The scapula serves four biomechanical roles:

– It is the center of rotation of the humerus.

– It is the anchor of the humerus onto the thoracic wall.

– It keeps the acromion from obstructing the movement of the humerus both in abduction and in flexion, thus there is no impingement.

– It is the means by which forces are transmitted from the core to the arm.

Given the scapula’s integral part of the upper arm’s kinematic chain, the scapular position and thus the glenoid position dictate the degrees of freedom within each plane of shoulder movements

Scapular plane - The scapula upwardly rotates in the frontal plane, posteriorly tilts in the parasagittal plane, and externally rotates in the transverse plane during functional elevation. Scapular control is essential to scapulohumeral coordination.

Scapular resting position – At rest, the scapula is positioned approximately horizontal, 35° of internal rotation and 10° of anterior tilt.  During shoulder elevation, most researchers agree that the scapula tilts posteriorly and rotates both upward and externally. 

Scapulohumeral rhythm – describes timing of movement at glenohumeral and scapulothoracic joint during shoulder elevation. First 30° of shoulder elevation involves a “setting phase” – the movement is largely glenohumeral – scapulothoracic movement is small and inconsistent. And after the first 30° of shoulder elevation – the glenohumeral and scapulothoracic joints moves simultaneously – overall 2:1 ratio of glenohumeral to scapulothoracic movement.

Scapular dyskinesis is an alteration in the normal position or motion of the scapula during coupled scapulohumeral movements. It may increase the functional deficit associated with shoulder injury by altering the normal scapular role during coupled scapulohumeral motions.

 A primary role of the scapula is that it is integral to the glenohumeral articulation, which kinematically is a golf ball and a tee joint. Alterations in scapular position and motion occur in 68% to 100% of patients with shoulder injuries

Scapular pathophysiology/pathomechanics

The causes of scapular dyskinesis can be split into three

Groups: Shoulder-related; Neck-related; Posture-related

The scapulohumeral rhythm can be disturbed either by inappropriate Pattern of muscle activation (too slow or too fast) or inappropriate, Force of muscle contraction (too strong or too weak). Many Muscles acting in different directions influence the scapula, and It is understandable that the timing and force of muscle activity dictates its movement.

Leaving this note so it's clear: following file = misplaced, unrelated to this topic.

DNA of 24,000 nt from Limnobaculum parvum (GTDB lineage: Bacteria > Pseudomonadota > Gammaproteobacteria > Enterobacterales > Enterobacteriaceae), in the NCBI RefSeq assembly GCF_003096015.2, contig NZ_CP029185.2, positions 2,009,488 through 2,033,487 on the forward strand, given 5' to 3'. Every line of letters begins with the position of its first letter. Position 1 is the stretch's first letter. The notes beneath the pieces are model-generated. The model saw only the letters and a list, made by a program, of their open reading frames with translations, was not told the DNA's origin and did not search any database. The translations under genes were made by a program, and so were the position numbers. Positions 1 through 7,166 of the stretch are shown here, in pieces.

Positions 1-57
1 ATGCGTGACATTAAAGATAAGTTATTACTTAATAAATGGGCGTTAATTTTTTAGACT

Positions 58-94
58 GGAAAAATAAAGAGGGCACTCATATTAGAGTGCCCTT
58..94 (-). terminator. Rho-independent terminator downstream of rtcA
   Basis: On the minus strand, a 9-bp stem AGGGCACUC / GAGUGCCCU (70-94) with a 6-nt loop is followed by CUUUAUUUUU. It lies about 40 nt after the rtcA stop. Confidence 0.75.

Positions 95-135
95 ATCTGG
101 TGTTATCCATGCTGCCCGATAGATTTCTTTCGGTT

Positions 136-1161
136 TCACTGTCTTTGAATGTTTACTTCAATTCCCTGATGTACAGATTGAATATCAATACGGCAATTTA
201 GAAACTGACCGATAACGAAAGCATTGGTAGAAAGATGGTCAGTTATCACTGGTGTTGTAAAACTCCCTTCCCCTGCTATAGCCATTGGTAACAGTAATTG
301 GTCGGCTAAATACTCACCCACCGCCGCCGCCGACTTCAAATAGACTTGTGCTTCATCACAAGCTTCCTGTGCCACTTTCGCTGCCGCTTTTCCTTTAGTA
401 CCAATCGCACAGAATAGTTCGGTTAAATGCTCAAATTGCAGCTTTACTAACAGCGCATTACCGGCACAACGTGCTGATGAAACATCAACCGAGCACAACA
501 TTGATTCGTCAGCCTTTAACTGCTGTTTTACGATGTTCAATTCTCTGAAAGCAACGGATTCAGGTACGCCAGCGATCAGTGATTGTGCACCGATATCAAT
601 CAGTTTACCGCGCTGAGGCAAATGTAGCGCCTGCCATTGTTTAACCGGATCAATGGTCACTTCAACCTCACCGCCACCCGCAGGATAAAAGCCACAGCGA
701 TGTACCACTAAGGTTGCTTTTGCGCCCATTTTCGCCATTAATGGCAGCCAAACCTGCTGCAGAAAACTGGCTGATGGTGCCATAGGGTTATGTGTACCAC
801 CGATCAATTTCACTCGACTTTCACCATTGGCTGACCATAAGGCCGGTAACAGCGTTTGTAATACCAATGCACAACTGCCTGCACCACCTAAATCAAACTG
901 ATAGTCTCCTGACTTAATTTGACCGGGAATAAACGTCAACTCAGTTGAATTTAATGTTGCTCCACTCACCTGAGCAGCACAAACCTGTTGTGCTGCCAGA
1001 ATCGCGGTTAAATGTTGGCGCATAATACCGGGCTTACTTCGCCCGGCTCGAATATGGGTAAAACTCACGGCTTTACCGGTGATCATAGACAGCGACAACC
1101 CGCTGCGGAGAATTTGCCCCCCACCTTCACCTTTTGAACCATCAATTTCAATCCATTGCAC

The trapezius and the serratus anterior muscles have been linked to the development of dyskinesis in both shoulder impingement and shoulder instability. In impingement, the upper and lower trapezius along with the serratus anterior have altered their activation pattern, with the trapeziae showing a greater strength of activation compared to the serratus anterior .

The soft tissues that surround the shoulder have been linked to the development of altered scapular mechanics. Namely, Both pectoral muscles (major and minor) and the glenohumeral capsule have been identified as important factors. The tightness Of the muscles of the pectoral region promotes anterior translation of the shoulder girdle and consequently the scapula. Furthermore, stiffness of the posterior aspect of the glenohumeral capsule shows an altered resting scapular position, further Anteriorly compared to normal individuals, a similar pattern to shoulder impingement.

According to the standard classification, three types of SD can be distinguished:

  • a posterior displacement from the posterior thorax of the inferior medial angle (type I),
  • a posterior displacement from the posterior thorax of the entire medial border of the scapula (type II) and
  •  an early scapular elevation or excessive/insu_cient scapular upward rotation (dysrhythmia) during dynamic observation (type III) 

Patients with symptomatic SD show an altered scapular orientation: they present the increasing activity of the serratus anterior, middle and lower trapezius muscles during arm elevation, abduction, and side-lying external rotation (ER).  For these patients, scapular asymmetry in multiple planes is more prevalent during humeral elevation in flexion.

In SD, proximal and distal causative factors can be identified. 

  • Proximal factors may include the weakness of the scapular muscle, lower trapezius, and serratus anterior,
  • Distal  factors may include joint internal imbalance such as labral tears, GH instability, acromioclavicular separation  

Proximal factors are usually manageable with rehabilitation, while distal ones need a surgical approach followed by proper rehabilitation protocols. Muscle detachment from the medial border of the scapula leads to SD

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